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Curtis Desselles and Houren Zhu build and test eddy current analyzers.

Curtis Desselles and Houren Zhu build and test eddy current analyzers. Photo courtesy of Jason Church.

Kevin Ammons: Welcome to the Preservation Technology Podcast. I am Kevin Ammons and today we join NCPTT’s Jason Church and Curtis Desselles to learn about developments and low cost metallurgical analysis.

Jason Church: So Curtis thank you for coming in and talking to us today.

Curtis Desselles: It’s my pleasure.

Jason Church: I have seen a lot of buzz lately about NCPTT and eddy currents so I want to talk to you today about what they are and how NCPTT got involved with them and get a little inside to how they are being used. So the first thing I was wanting to know today is how did NCPTT get involved in eddy currents?

Blythe McCarthy investigated eddy currents in conservation science in an NCPTT grant in 1999.

Blythe McCarthy investigated eddy currents in conservation science in an NCPTT grant in 1999. Photo courtesy of Blythe McCarthy.

Curtis Desselles: Well back in 1999 a grant was given to Blythe McCarthy from the Freer Gallery and she tested different eddy current analyzers that were on the market and to see if they were feasible for Cultural Material and she found they were great potential so I read the article myself and Mary Striegel had gave me the article and I found it to be very interesting. It had a lot of potential and I thought that I could build one for off the shelf parts for a really economical cost.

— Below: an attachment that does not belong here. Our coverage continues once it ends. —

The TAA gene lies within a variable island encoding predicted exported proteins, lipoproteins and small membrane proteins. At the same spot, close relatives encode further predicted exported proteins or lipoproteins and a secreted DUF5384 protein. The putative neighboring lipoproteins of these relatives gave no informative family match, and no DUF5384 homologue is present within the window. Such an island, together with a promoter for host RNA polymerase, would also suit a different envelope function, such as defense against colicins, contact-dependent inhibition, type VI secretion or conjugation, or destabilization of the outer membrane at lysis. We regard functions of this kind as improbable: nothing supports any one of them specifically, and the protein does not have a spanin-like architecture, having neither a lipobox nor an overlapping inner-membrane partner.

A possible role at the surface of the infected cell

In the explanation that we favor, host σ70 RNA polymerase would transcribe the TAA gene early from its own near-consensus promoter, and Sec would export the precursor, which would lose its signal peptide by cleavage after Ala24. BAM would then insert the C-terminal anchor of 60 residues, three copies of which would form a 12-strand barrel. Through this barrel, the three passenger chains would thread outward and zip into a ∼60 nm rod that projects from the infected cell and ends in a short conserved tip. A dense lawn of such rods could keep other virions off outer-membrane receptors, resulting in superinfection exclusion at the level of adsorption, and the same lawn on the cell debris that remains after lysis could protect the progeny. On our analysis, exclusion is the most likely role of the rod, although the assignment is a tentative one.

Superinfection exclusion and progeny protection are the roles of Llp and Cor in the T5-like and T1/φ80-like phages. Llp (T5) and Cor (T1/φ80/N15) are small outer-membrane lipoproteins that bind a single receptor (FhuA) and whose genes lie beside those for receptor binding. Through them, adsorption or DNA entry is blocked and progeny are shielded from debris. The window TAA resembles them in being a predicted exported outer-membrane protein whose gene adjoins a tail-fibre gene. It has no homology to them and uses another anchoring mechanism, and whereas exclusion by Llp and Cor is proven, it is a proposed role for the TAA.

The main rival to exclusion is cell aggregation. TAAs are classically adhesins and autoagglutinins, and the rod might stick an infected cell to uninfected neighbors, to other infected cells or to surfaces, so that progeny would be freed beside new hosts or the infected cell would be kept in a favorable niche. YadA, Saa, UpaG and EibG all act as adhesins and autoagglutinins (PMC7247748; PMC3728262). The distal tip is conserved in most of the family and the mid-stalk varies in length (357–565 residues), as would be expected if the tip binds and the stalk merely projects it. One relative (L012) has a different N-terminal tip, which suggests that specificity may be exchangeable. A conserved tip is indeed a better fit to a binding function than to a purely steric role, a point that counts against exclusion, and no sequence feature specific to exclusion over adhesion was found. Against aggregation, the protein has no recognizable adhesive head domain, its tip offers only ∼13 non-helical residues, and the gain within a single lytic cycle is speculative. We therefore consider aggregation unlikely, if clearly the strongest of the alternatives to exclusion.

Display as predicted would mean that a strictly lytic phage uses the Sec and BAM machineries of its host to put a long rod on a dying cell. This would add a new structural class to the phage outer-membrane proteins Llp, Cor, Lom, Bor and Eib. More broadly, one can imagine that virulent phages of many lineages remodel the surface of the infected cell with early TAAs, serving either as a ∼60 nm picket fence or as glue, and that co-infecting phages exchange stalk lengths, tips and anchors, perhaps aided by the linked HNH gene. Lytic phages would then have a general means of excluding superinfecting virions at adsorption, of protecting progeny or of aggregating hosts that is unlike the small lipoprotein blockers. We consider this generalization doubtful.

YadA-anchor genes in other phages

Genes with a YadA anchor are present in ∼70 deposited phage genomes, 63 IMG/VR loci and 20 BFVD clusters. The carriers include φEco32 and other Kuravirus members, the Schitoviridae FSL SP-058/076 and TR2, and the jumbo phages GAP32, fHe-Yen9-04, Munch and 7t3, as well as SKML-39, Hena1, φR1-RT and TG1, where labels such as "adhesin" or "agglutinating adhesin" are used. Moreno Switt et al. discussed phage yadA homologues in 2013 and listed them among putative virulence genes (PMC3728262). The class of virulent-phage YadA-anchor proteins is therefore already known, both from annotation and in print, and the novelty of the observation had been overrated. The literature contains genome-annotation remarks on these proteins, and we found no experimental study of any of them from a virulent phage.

Jason Church: So how much do currently units that are currently available on the market what is the price range that they run in?

Testing the eddy current probe on aluminum foil.

Testing the eddy current probe on aluminum foil. Photo by Jason Church.

Curtis Desselles: Well they start about just for the probe it is about $1,500 dollars per probe and then the machine itself can run you from $25,000 dollars all the way up to $50,000 dollars.

Jason Church: So when you say you were looking to try to develop one that was somewhat economical what is the price range that you are talking about?

Curtis Desselles: Well it is definitely below $500 dollars and I could probably do one for less than 200 dollars.

When a flaw is introduced to the conductive material, the eddy currents are disrupted. (Curtis Desselles)

When a flaw is introduced to the conductive material, the eddy currents are disrupted. Image courtesy of Curtis Desselles.

Jason Church: Well that is quit the stretch. So what are eddy currents?

Curtis Desselles: Eddy currents are analogous to a flowing stream. Let’s just imagine that a stream flows and there are no rocks in it and so it just flows really smooth and then imagine if we have rocks in it you always see these little currents flowing around the rocks those are called Eddies. So in a magnetic field is like the water and the rocks are like the metal. So just imagine when the magnetic field hits the metal. These little eddies form in a circle and the magnetic field direction is opposite in the middle than that of the magnetic field of the magnet or the electromagnet.